There’s a good chance you’ve been to Krabi, visited Phra Nang’s blindingly white sands and its selfie-baiting fertility shrine, kayaked into the emerald pool, had close encounters with macaques as you downed beers on the beach. You’ve probably felt the city changing, too, its traditions eroding under your feet like the earth being swept into the sea.
That’s the Krabi that directors Anocha Suwichakornpong and Ben Rivers* bring to light so expertly in their magnificent, festival-favorite “Krabi, 2562.”  
Weaving together modern fiction, ancient folklore and documentary-style interviews, “Krabi, 2562” deals with the point where the past and present collide in this southern provincial town. Not just the recent past, but the distant, from the Holocene to the Anthropocene. Hence the cavemen, who appear throughout the movie as a commercial actor, a statue and, well, actual cavemen.
What stands out most is the mysticism—the lead character floats around the city, haunting everyone who crosses her path; old folk tales exist like relics in a beach town that has boomed into the tourism hub it is today—but the juxtaposition of nature with modern day life is equally brilliant. Monkeys play on installations constructed during the 2018 biennale. Elephants and tigers appear frozen in time as ridiculous-looking statues. An old boxer sits in his jungle hut like a ghost in his own home, watching cows graze and waiting for nobody to appear at his doorstep. 
Throughout the 93-minute film, there’s a sense that memory is fragile and our shared past is fading away. The pacing is deliberately slow. The story is only loosely tethered together. And the clever soundtrack—koel birds, cadets and cicadas, all rising to a menacing crescendo—makes you wonder how long memories and traditions will survive as Krabi bends under the weight of consumerism.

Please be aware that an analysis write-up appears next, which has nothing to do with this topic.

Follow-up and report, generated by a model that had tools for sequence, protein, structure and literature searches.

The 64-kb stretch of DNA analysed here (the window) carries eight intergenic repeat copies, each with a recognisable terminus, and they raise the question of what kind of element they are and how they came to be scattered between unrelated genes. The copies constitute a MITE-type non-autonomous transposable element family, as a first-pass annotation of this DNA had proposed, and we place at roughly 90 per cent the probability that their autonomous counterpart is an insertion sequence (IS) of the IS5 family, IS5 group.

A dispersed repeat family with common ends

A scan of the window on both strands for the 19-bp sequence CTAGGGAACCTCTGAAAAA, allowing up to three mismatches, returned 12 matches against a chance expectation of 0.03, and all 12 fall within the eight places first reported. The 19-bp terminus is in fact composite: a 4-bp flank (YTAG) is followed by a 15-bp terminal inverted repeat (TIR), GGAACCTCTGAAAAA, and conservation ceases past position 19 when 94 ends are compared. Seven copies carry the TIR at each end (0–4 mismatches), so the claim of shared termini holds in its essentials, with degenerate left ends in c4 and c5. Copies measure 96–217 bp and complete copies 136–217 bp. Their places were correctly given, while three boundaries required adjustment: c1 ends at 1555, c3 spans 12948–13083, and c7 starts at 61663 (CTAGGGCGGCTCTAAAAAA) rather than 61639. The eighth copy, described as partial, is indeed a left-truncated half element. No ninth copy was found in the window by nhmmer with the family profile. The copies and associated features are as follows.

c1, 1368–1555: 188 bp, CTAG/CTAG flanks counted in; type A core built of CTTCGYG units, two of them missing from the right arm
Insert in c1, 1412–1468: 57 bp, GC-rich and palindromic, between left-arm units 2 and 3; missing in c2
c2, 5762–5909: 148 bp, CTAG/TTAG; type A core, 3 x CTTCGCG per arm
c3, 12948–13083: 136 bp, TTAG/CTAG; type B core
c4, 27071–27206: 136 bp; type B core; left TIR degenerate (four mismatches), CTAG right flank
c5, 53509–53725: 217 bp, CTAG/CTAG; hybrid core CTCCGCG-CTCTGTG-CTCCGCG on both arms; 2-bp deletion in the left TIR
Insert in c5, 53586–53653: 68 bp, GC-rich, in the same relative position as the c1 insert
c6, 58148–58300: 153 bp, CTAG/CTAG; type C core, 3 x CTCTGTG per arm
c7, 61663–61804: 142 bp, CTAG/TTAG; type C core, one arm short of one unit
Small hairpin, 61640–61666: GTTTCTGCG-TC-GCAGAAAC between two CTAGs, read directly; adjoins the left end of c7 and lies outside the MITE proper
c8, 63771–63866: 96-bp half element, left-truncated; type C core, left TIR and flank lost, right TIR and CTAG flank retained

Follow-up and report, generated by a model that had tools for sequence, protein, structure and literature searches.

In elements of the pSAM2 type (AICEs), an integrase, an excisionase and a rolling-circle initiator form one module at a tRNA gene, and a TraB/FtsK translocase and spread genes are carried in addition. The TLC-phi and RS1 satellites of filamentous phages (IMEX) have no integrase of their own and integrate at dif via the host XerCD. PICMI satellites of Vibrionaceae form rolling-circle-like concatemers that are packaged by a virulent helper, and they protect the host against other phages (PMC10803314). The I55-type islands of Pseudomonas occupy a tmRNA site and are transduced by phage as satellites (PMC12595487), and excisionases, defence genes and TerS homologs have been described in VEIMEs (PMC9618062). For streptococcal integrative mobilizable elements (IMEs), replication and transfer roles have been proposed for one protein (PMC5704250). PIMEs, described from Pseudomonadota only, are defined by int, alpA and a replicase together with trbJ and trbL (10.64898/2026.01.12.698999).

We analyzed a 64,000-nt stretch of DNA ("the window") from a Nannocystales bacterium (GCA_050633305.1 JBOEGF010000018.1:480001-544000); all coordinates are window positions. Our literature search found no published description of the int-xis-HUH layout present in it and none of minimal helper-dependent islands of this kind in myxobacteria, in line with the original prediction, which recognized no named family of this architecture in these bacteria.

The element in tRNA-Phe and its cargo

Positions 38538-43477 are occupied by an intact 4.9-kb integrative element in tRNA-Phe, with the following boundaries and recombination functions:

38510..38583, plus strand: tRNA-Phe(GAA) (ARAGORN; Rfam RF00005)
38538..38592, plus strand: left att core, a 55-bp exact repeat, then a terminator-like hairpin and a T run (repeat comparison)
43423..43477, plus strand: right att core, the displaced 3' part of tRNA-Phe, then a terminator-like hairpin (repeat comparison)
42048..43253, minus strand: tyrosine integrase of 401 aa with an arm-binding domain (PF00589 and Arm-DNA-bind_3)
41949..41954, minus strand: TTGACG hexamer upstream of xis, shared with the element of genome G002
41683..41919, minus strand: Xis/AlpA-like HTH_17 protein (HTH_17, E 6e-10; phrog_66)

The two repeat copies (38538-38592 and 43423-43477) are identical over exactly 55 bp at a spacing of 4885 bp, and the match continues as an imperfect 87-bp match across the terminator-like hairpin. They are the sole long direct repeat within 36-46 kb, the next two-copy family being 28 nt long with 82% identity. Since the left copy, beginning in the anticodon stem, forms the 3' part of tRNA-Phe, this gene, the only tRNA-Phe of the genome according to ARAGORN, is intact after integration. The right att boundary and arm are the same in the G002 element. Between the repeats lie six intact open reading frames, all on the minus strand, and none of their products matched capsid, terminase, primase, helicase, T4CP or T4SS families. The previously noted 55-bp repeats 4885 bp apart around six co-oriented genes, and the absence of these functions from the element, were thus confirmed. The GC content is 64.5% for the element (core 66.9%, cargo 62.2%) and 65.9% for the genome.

Sarinya “Mew” Manamuti, Founder & Operations Manager of Bangkok Screening Room

What is your all-time favorite indie film?
Not an easy question, but I’d say “Victoria” by Sebastian Schipper.
When did you become drawn to indie films?
Where I grew up, I was exposed to both blockbuster and independent films and didn’t really think much about the differences between them. I guess I’ve been drawn to films since university, when I was studying art. 
What inspired you to establish the Bangkok Screening Room?
When I was working at the Australian Centre for the Moving Image, I had the opportunity to experience [films] behind the scenes. Since then, my husband Nicholas and I have always wanted to do something of our own. After a short stint organising a couple of pop-up screenings here in Bangkok back in 2014, my business partner Wongsarond and Nicholas saw the need for locals to have access to an arthouse cinema, so Nicholas and I decided to move back and fulfill our dream here in Bangkok.
How do you curate the films shown in your cinema?
We base our programs on what excites us most.  
Are there any exciting new films to keep an eye on?
I personally think that Hollywood has slowly opened up to give more space to female directors, so the buzz around female talent from smaller studios has become more recognized. Olivia Wilde’s “Book Smart” is very progressive, and “The Assistant” by Kitty Green looks really interesting. 
How do you see the future of the indie movie scene in Thailand?
I think it has been on pause for a while now, simply because there’s no ongoing funding support or enough platforms to show smaller studio films nationwide. I believe we need to create a new culture of appreciating every kind of artform rather than worrying too much about what is mass and what is not.

*In the print edition of BK, Ben Rivers was incorrectly named as Ben Davies. We apologize for the error.